Monday, March 9, 2009

Choosing a Guardian for Your Minor Children

Who will care for your children if you should die before their 18th birthday?

A difficult thought, to be sure. It may help to know that you can provide for your children's well-being should such a disaster occur. You can name the person who will be your children's Guardian if you are no longer here, and ensure that they are cared for and receive all the benefits of your estate.

Q: Who needs to choose a Guardian?

A: All parents of children under the age of 18 need to specify a Guardian. California law requires that everyone under the age of 18 be represented by a legal Guardian. Only minor children who are married are excepted from this rule.

Q: What does a Guardian do?

A: A Guardian or Guardians are responsible for:

1) Your children's person

2) Your children's estate

The Guardian of your children's person has responsibility for the care, custody, control, and education of your minor children.

The Guardian of your children's estate is responsible for the management and control of the minor's property. You can nominate one person to be Guardian of person and estate, or choose two different people. This allows you to choose the person who is best able to raise your child, even if they are not the best person to manage the inheritance.

Q: What happens if I don't nominate a Guardian for my child?

A: If you do not nominate a Guardian, and you predecease your minor children, the Probate Court will choose a Guardian for you. The Court appoints a Guardian based on a formula that is defined by State Law. No consideration is given to your wishes unless they are legally specified in writing.

Q: How do I Nominate a Guardian for my child?

A: You can nominate a Guardian in your last will and testament. It is important that your will be coordinated with your other estate planning documents such as a Living Trust, life insurance, retirement plans annuities, etc.

Here are some important steps you should consider when planning for your children's Guardianship:

1. Communicate with your spouse.

This may seem obvious at first, but it can take longer than you expect to arrive at a mutually agreeable decision. It's easier to decide how to distribute your estate than it is to select a Guardian. Take as much time as you need to discuss this decision openly with your spouse so that you are happy with your choice.

2. Communicate with the Intended Guardian.

You may be astounded to find that some nominated Guardians have no idea that they had been chosen until the parents are deceased. This is far too critical a decision to spring on someone at the last minute. After you have decided on a candidate, discuss it with him or her as early as possible.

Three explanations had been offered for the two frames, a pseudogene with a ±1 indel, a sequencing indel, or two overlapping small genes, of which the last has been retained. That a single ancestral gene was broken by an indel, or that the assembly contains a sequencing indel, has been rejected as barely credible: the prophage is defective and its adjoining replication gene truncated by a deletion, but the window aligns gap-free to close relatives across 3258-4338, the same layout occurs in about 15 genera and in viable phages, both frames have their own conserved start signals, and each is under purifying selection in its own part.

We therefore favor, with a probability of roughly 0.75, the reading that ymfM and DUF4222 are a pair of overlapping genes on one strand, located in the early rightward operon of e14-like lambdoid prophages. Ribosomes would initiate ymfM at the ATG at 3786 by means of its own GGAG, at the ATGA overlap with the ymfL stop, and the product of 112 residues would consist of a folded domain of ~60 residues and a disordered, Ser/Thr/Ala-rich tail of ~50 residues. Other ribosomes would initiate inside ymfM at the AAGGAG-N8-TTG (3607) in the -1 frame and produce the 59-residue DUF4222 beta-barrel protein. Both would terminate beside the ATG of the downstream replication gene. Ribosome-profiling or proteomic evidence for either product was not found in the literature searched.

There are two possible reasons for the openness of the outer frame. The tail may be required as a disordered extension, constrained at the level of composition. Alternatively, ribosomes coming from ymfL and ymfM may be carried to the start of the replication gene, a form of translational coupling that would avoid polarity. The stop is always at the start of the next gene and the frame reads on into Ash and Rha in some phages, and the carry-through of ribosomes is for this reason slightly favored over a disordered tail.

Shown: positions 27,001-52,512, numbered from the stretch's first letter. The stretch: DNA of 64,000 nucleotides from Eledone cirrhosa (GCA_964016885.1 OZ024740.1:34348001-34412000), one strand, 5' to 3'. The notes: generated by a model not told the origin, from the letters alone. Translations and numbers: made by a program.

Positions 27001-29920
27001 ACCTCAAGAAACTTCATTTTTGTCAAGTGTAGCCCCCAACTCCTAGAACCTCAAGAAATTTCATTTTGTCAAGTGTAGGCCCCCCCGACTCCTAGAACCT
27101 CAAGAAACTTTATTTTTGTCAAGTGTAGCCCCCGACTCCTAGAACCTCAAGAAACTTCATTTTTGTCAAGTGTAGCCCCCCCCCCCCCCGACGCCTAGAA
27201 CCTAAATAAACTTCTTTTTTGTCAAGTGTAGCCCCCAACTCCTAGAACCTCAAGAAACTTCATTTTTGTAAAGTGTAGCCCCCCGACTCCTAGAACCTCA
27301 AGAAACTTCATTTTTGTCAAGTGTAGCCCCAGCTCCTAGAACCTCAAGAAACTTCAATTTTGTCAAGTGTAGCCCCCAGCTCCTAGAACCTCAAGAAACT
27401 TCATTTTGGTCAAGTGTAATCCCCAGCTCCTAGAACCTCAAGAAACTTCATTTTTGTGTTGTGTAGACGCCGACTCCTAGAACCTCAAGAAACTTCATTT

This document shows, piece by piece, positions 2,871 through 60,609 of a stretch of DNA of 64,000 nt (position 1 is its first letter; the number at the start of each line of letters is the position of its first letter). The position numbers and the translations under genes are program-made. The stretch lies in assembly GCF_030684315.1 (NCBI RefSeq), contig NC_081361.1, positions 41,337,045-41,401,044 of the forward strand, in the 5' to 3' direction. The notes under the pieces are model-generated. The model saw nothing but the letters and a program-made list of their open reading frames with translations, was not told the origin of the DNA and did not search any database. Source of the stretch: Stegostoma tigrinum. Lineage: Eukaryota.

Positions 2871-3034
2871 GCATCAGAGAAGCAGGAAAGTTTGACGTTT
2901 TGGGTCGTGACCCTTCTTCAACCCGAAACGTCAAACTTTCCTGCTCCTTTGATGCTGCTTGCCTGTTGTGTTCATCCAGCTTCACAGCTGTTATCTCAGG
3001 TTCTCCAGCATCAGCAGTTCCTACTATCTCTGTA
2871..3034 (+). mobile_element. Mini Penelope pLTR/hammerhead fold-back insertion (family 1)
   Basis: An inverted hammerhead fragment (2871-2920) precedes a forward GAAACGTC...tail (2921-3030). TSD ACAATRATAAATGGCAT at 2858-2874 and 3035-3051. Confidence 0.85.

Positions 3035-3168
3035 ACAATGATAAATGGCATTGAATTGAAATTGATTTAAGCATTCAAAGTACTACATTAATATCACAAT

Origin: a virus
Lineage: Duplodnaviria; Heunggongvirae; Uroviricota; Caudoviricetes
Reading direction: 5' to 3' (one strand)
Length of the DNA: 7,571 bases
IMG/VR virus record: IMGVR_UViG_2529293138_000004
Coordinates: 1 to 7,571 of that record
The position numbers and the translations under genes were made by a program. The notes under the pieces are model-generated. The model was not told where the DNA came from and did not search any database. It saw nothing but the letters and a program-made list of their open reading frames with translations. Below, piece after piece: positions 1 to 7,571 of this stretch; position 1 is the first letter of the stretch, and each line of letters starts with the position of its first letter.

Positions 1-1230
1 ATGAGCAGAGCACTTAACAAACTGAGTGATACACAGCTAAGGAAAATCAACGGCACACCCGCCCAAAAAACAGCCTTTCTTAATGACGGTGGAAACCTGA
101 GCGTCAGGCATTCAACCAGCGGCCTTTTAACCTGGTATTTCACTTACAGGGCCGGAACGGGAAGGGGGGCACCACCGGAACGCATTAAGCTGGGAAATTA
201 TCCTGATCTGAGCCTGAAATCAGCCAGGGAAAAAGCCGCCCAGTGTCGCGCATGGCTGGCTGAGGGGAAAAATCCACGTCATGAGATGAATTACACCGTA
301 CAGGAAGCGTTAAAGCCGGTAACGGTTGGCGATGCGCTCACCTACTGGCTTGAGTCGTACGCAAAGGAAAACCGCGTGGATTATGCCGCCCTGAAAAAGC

3. Ensure that your child's Estate is Adequately Funded.

Asking another person, even a family member, to raise your children in your absence is a serious emotional and financial decision. Ensure that you have a living trust, life insurance policy, or other financial arrangement in place. Communicate the financial situation clearly to the potential Guardian, and ensure that they are willing and able to handle the commitment.

4. Ensure that the Guardian of the child's person is able to work closely with the Guardian of their Estate.

It is entirely appropriate to choose one person as the Guardian of Your Child, and another person as Trustee or Guardian of their Estate.

However, make sure that these people are dedicated to working together for your child's benefit.

If there is a family conflict, or some other reason they would not be able to work together, you should consider using a professional (such as a bank trust department or other Professional Fiduciary) to manage the Estate.

5. Seek professional legal help immediately!

Recent studies show that up to 66% of Americans die without a valid will or trust. As a result, the vast majority of Guardianship proceedings take place without any input from the deceased parents. Procrastination is your greatest enemy. Everyone thinks they will live well into their children's adulthood. However, statistics show that this is not always true.

Your children's well-being is too important to leave to chance.

John Erik Fraker, Esq., is an estate planning attorney and managing partner of Ainer & Fraker, L.L.P., a Silicon Valley-based law firm specializing in estate planning, small business law and tax. The firm's web site is at

Disclaimer: The information contained in this newsletter is not intended as a source of legal advice. You should not act upon or rely on information in this or any other newsletter without the advice of competent counsel, especially if you reside outside the State of California, where our firm is not licensed to practice law and does not give advice. This newsletter does not establish an attorney-client relationship.

Copyright (c) 2006 Ainer & Fraker, L.L.P.

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